That's the (several) billion dollar question. There are many complexities at work in the coffee market that are difficult to explain in a single blog post. These complexities make it difficult for lasting change to happen quickly. However, there are two simple and honest ways to begin answering the question. The first is that coffee roasters and importers must pay more for green coffee. Of course, as coffee roasters and importers pay more for green coffee, much of that cost does get passed on to the consumer. To many, this seems untenable. However, there is a tried and true path over that hurdle: quality. As quality increases, demand increases and, of course, the price increases. It's a win/win scenario. The coffee drinker gets a better product, the producer gets a better price. Historically, however, high quality coffee has been tough for the average consumer to come by. The "gourmet coffee" industry is littered with scams and hoaxes; from grifters peddling Kopi Luwak and "bulletproof" coffee to "luxury" mail order coffee brands found in the pages of in-flight magazines. But over the past decade the craft coffee sector has grown tremendously and consumers are gaining more and more access to high quality coffee. This has pushed the craft coffee industry into a trajectory similar to the explosions seen in the fine wine and craft beer industries over recent decades. This is good news for farmers, as it creates incentives for growing high quality varieties and utilizing processing techniques that deliver an end product which demands a higher price. This is only half of the solution, though.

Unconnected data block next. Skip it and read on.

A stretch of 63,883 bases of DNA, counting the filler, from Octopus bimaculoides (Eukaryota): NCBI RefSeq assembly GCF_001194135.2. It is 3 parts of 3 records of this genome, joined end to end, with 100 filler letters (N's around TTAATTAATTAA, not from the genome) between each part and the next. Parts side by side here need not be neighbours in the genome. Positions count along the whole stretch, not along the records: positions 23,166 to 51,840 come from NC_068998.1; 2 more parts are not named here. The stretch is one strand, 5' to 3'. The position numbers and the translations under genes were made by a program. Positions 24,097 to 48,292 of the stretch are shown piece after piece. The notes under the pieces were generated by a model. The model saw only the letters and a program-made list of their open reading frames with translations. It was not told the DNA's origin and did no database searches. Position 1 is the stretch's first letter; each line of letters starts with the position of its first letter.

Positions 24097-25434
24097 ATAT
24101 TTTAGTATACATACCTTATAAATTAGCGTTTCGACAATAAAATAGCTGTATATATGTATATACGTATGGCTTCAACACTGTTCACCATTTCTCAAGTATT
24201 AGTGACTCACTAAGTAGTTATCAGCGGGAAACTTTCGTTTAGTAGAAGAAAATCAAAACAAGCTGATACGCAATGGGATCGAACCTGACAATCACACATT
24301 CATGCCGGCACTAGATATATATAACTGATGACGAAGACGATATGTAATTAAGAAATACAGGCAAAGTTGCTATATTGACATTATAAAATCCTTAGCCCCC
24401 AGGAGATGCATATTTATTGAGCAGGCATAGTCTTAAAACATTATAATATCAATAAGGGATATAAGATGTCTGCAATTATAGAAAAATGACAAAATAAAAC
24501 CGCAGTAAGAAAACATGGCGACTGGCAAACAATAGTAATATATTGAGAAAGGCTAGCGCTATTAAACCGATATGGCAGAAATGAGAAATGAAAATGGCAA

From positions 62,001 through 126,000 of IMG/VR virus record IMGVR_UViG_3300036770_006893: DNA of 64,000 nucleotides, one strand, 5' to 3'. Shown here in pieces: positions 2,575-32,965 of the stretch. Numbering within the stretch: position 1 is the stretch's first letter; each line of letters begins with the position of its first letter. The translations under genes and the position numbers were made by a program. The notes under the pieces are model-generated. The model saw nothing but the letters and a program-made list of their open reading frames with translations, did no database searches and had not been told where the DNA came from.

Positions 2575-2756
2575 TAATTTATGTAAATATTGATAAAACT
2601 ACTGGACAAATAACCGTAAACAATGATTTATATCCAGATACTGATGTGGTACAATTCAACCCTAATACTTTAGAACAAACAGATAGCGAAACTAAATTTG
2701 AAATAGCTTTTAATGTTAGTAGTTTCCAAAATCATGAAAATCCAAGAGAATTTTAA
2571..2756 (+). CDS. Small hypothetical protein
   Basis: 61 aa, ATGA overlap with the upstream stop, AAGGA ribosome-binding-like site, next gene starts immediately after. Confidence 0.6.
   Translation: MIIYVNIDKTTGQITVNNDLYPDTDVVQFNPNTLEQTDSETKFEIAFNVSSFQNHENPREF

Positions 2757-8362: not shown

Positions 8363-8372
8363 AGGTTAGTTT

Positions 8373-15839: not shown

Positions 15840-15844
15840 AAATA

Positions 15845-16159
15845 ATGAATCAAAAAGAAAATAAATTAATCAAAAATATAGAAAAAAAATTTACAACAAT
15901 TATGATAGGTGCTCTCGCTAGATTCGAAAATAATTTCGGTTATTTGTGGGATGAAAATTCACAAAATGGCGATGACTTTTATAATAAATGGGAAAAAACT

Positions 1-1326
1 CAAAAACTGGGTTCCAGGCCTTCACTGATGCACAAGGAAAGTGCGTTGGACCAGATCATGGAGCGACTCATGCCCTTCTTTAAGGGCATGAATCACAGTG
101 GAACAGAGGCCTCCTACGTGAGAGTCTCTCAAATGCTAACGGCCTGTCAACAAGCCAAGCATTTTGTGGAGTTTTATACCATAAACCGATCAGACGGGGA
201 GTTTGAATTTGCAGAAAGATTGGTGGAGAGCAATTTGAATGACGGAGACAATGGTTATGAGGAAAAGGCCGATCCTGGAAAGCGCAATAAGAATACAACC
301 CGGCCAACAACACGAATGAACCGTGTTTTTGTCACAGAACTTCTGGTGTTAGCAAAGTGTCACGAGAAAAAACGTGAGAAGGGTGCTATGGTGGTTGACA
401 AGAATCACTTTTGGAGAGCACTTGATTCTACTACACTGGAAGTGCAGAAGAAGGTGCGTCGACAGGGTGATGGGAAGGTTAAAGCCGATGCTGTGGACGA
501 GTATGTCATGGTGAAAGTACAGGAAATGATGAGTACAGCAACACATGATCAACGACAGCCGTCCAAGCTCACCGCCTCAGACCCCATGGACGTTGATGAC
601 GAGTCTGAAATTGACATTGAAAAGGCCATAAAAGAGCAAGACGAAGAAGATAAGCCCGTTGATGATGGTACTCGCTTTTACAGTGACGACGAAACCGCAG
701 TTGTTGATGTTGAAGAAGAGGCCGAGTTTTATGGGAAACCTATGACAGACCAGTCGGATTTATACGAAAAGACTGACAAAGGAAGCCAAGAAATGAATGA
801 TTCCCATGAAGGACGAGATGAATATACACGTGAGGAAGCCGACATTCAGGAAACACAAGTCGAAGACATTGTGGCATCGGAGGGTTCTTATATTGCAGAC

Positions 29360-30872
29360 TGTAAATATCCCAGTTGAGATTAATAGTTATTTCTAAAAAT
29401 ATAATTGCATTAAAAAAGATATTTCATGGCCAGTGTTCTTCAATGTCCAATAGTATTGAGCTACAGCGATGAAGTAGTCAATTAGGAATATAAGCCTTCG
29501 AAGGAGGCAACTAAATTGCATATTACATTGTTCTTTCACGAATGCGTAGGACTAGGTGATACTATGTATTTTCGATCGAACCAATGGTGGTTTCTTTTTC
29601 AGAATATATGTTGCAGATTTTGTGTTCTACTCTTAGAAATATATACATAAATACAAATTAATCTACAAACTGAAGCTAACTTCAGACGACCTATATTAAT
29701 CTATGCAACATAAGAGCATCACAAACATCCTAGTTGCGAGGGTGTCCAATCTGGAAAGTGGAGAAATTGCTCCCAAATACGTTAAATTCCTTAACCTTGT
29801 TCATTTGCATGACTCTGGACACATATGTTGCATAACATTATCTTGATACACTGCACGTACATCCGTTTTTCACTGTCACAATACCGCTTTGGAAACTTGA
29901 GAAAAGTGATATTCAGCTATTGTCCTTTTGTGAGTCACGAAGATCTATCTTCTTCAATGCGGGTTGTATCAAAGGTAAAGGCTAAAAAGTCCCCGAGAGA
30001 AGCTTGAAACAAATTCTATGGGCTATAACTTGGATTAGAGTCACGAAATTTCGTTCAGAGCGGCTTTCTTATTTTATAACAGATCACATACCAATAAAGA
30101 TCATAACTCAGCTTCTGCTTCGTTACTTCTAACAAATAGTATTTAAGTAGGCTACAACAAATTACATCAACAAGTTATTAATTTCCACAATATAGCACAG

Costa Rican farmer, Rodrigo Oviedo surveys his crop as it finishes its final stages of processing and prepares for export

The second answer to the question involves increased efficiency and transparency within the coffee trade. This is where direct trade relationships come in. There are certain "middle-men" in the coffee industry which are truly necessary and helpful; logistics firms, warehousers, farmer-owned/aligned importers, etc. Day traders and speculative commodities brokers are not among these. The more efficiently and transparently roasters can build relationships and do business directly with farmers, the less waste there is in the supply chain and more trust is built in the link that runs from the seed to the cup. These relationships also insulate farmers from the volatility of C-market pricing and allow them know what they are getting for their crop year after year so they can plan and grow their own small businesses, creating people jobs at origin and positively impacting their local communities. 

So You Mean Fair Trade Coffee, Right?